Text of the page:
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By Margie Anderson
Outdoor Editor 

Cranks With Kevin Finley

Diggin' Cranks With Kevin Finley

Series: Arizona Lakes Arizona Pros | Story 48

Nitro Pro Kevin Finley catches big bass by digging the bottom with a crankbait.

At the U.S. Open about several years ago, Arizona Nitro pro Kevin Finley found a Storm Arashi crankbait in the goodie bag he received at tournament HQ. Later, he went fishing at Lake Pleasant with a buddy, Taj White, and told him, "you tie on whatever you think I should throw – I've got a tournament coming at Pleasant." Taj absolutely smashed them with the Arashi. That's how he found out about the Arashi, and now he says it's the best crankbait he's ever used.

Never Lost One

Finley says he's never lost one – the hook hanger is perpendicular to the length of the lure, and that seems to help them not get snagged. "I've got some that look like you took a hammer to them," he says, "they get beat up, but I always get them back." Some of his Arashi baits are Silent Squares and some rattle. Kevin says he buys a bunch of them at a time. "If you buy a bunch of Silent ones," he says, "seven or eight of them will be silent, and maybe one or two have little tiny knock inside." Those are his absolute favorites. He says it's a subtle, single knock and you have to shake it real hard to hear it. When he gets one like that, he marks it and he says he dreads the day he ever loses one.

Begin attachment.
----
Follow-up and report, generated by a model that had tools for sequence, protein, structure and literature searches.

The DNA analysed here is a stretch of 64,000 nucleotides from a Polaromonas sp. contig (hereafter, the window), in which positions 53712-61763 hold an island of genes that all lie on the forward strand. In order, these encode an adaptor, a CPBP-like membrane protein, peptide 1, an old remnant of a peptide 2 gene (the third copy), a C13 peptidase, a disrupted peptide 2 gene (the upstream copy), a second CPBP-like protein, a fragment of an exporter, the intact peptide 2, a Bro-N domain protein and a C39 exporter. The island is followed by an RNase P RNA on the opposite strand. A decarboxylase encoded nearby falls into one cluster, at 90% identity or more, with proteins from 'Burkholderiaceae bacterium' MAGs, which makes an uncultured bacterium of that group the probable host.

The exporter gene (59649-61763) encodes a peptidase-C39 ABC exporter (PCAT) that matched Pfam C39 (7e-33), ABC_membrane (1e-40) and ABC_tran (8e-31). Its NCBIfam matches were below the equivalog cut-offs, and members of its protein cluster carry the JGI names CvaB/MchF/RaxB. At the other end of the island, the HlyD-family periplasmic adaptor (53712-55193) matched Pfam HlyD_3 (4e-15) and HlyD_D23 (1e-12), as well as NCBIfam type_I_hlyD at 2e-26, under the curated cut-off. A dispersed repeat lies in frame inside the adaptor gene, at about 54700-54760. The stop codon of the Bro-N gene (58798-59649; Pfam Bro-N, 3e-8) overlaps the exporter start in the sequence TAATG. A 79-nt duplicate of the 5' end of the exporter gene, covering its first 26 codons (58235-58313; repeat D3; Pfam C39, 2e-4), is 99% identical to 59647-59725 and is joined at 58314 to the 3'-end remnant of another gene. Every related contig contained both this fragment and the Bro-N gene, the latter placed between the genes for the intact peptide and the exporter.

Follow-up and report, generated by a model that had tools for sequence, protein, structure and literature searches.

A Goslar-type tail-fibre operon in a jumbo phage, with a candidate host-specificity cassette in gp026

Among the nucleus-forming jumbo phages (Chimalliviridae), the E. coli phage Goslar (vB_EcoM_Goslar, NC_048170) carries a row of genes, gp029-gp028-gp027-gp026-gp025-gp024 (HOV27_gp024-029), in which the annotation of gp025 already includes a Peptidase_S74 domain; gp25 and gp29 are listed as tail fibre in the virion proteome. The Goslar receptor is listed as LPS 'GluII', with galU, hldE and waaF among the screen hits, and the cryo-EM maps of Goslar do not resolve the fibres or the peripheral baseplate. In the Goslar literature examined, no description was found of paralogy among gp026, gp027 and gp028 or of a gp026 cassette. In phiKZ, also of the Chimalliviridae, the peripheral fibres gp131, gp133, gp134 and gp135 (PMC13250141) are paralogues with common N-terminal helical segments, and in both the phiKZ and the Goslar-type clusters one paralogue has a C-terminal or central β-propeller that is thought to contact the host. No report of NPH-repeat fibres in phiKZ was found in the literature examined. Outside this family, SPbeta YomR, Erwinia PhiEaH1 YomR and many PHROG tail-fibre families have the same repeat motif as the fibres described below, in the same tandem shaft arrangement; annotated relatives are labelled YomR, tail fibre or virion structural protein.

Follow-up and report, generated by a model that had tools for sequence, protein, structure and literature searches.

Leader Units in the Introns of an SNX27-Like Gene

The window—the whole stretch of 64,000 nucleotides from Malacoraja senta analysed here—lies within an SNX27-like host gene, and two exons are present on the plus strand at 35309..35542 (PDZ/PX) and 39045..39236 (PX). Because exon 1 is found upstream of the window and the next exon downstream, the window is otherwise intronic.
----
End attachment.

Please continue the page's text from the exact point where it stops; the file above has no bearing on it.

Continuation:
The #3 Arashi will run about three feet deep, and the #5 around five feet, but Kevin says on a really long cast you can get it to go six or even seven feet deep. "I love to have that #5 drag bottom in shallow water," he says, "just totally scrubbing the bottom." He'll change the hooks four or five times a day if he's throwing one, because he says if you're not dragging the bottom, or touching something with it, it's just not as good, and that goes for any crankbait, he says, not just the Arashi. The Strike King 5XD is another great crankbait at Pleasant, for instance.


Finley says you need to get close to shore and throw the plug parallel to the bank. "If you're not throwing parallel, don't even use a crank," Finley says. That's what he does the vast majority of the time. Alternatively, though, he says you can use a really deep crankbait and throw it out then crank it uphill. This can be killer on a long shallow point or a little cut in the bank. Keep your eyes on the shoreline – when you see a small cut that runs out into the water, that cut continues under the surface.